- Online retailers have found that better levering customer data is the key to building brand loyalty.
- The industry was already headed in this direction, but the pandemic has accelerated the trend.
- Platforms like Amazon and TikTok are also introducing mass audiences to innovative brands.
- Visit Insider’s Transforming Business homepage for more stories.
As COVID-19 restrictions slowly lifted over the past year, retailers realized that consumer shopping habits created in lockdown were here to stay.
Today’s shoppers increasingly favor brands with a unique e-commerce experience that is personalized to them. If a company lacks the tools necessary to meet customers’ in-store and online needs, retailers are expected to partner with a variety of platforms to fill in the gaps.
To be sure, the industry was already headed in this direction, but the pandemic has accelerated the trend.
Those featured in this year’s shopping vertical, part of Insider’s 100 People Transforming Business in 2021 list, have adapted to these shifts in consumer preference and are advancing their companies and industries, from beauty and fitness to grocery.
Putting customer data first
Retailers have found that levering customer data is the key to building brand loyalty and the seamless experience shoppers want.
Take Ben McKean’s Hungryroot. The CEO of the grocery delivery company has invested in AI technology that uses consumer data to recommend grocery items and recipes to them. That includes tracking users’ preferred choice of meats and level of spice in meals.
“When you walk into an offline grocery store, it obviously can’t be personalized to you,” he told Insider. “What we see is the service as your personal grocer, and it does all the work for you.”
Dollar General’s Chief Merchandising Officer Emily Taylor has similarly relied on customer feedback in expanding the dollar store chain’s pOpshelf concept. The chain’s 16 pOpshelf stores, aimed at more affluent shoppers, currently sells party supplies, home decor, and holiday trinkets.
And Dollar General has added digital tools like a Cart Calculator that lets shoppers scan products for discounts, with their input.
“By listening to our customers, we have a pulse on what they want and need most,” Taylor said.
Perhaps the best example of a brand owning its customer is Peloton.
Part of the fitness brand’s meteoric rise during the pandemic derives from COO and cofounder Tom Cortese’s efforts to expand the company’s R&D department — leading to new features for its 5.9 million subscribers, such as updated progress tracking and new scenic rides and runs for treadmill and bike users.
Such investments have enabled Peloton to lower the cost of its flagship bike by $400 in August, Cortese said.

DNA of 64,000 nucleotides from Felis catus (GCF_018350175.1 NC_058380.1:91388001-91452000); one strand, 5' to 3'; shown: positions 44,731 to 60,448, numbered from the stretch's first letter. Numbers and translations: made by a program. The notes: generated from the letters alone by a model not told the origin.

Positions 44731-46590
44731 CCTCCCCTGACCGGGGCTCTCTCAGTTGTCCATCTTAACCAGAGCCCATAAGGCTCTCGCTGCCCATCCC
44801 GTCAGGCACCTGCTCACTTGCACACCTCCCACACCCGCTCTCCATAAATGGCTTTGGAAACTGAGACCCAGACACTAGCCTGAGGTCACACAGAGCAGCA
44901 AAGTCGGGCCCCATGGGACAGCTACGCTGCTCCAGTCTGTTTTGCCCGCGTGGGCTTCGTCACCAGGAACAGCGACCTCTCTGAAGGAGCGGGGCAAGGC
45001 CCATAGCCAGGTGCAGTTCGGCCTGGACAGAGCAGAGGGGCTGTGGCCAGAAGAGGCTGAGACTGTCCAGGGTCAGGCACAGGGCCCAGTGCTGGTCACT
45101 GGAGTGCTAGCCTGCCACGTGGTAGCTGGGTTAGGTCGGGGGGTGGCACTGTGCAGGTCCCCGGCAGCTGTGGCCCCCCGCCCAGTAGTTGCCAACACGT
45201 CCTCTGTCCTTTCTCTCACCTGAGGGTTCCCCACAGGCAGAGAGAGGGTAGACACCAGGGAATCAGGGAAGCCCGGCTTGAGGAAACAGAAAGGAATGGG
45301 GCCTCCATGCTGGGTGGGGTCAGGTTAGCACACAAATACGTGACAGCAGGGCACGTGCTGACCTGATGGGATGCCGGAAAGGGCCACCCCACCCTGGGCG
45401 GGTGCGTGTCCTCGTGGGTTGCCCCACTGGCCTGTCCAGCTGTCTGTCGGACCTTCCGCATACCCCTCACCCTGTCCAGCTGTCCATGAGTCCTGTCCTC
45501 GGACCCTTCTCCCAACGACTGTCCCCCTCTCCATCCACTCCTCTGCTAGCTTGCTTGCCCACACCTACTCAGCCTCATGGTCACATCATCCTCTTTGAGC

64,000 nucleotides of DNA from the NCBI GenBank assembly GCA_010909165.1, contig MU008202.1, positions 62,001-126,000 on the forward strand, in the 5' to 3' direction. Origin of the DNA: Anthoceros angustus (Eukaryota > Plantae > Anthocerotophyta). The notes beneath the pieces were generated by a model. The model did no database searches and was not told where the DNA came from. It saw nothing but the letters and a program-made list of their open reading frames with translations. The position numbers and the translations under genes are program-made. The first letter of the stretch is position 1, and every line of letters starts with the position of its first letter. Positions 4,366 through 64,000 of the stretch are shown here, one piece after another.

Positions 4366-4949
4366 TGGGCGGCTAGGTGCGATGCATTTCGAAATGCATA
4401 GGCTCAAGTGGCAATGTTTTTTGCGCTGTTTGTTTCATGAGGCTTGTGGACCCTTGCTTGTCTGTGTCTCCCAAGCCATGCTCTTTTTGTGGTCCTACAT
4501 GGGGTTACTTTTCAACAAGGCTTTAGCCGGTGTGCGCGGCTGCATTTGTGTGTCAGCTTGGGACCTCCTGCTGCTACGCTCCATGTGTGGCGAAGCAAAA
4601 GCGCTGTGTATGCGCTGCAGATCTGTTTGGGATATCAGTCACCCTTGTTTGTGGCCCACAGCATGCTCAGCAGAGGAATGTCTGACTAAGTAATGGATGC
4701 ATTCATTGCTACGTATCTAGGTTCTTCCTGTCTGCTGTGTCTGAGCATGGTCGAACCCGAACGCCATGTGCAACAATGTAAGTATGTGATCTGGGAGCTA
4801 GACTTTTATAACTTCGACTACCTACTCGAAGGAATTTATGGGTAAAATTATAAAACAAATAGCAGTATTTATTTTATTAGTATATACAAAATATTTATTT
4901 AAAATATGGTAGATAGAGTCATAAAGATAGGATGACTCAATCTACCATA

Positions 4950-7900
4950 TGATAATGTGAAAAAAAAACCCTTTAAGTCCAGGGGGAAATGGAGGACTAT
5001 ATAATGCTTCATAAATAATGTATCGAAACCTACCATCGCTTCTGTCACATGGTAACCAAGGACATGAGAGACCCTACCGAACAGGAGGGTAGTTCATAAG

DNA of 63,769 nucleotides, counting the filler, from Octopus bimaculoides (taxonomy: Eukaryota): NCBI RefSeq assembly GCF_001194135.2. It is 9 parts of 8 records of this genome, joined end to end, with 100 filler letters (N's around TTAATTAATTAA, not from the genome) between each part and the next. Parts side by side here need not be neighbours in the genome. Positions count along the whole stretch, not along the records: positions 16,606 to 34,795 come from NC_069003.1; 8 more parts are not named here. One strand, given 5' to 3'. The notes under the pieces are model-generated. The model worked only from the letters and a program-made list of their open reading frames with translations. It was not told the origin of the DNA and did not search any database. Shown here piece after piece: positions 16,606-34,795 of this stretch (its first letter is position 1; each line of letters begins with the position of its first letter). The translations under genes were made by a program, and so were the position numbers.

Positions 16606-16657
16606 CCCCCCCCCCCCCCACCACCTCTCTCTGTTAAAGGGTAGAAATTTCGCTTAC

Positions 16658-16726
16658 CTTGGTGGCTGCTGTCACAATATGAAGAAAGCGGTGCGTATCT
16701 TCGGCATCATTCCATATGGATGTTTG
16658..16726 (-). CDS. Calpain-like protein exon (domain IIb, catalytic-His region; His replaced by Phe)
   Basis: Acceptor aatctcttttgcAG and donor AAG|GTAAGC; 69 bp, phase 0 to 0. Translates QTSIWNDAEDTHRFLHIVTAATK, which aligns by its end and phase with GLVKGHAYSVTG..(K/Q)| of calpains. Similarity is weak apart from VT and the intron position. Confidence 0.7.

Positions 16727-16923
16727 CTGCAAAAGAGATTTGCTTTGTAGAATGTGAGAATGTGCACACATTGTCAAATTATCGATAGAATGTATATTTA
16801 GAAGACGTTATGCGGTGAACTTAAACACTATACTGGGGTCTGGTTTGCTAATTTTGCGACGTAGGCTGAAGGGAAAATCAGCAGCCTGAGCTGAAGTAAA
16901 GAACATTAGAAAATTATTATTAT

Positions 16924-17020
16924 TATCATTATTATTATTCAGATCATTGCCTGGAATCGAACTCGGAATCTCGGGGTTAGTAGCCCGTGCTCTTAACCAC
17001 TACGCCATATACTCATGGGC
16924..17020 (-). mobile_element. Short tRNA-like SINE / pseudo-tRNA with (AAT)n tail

“We’re taking 10 years of manufacturing, learning, and scale to produce units at better cost and pass that on to our members so that we can continue to aggressively grow our member base and welcome more and more folks into the Peloton family,” he said.
Shopping meets entertainment
Established platforms like Amazon and Shopify to newer options like StockX and TikTok are transforming shopping by helping retailers broaden their audiences in new ways.
With 1 billion monthly users, TikTok is quickly becoming a shopping juggernaut, with customers discovering new products daily. Sandie Hawkins, general manager for North America, global business solutions, at TikTok is largely responsible for this.
She has helped lure brands onto the social media app with ad formats aimed at companies trying to cash in on the online shopping boom. It also helps to have a tagline, “TikTok Made Me Buy It.”
Meanwhile, Dan Dan Li’s PopShop Live has focused on the live shopping trend, helping e-commerce companies set up online shops and interact with customers in real-time.
And as more Americans turn to reselling during the pandemic as an alternative source of income, StockX has used that demand to expand beyond a haven for sneakerheads. Led by Vice President of Strategy Shervin Moghaddam, StockX’s resale marketplace now offers electronics like the PlayStation 5 and home goods.
“People don’t just buy sneakers, they have interests beyond that,” Moghaddam told Insider. “Gaming, sneakers, and streetwear go together really well, so we started with some experiments and saw real interest from our users in electronics, particularly in consoles.”
Critical decisions made by these executives above and others featured on this year’s list have helped their companies navigate the headwinds of the pandemic and come out winners. This comes as the industry remains plagued by labor shortages and supply chain delays that are driving up costs.
As for what comes next for shopping and e-commerce, Shopify President Harley Finkelstein may have put it best, recently telling Insider that Shopify is now focused on helping companies capture international sales.
“If the pandemic exposed one thing, it’s how global commerce truly is,” he said. “Online shopping has no borders.”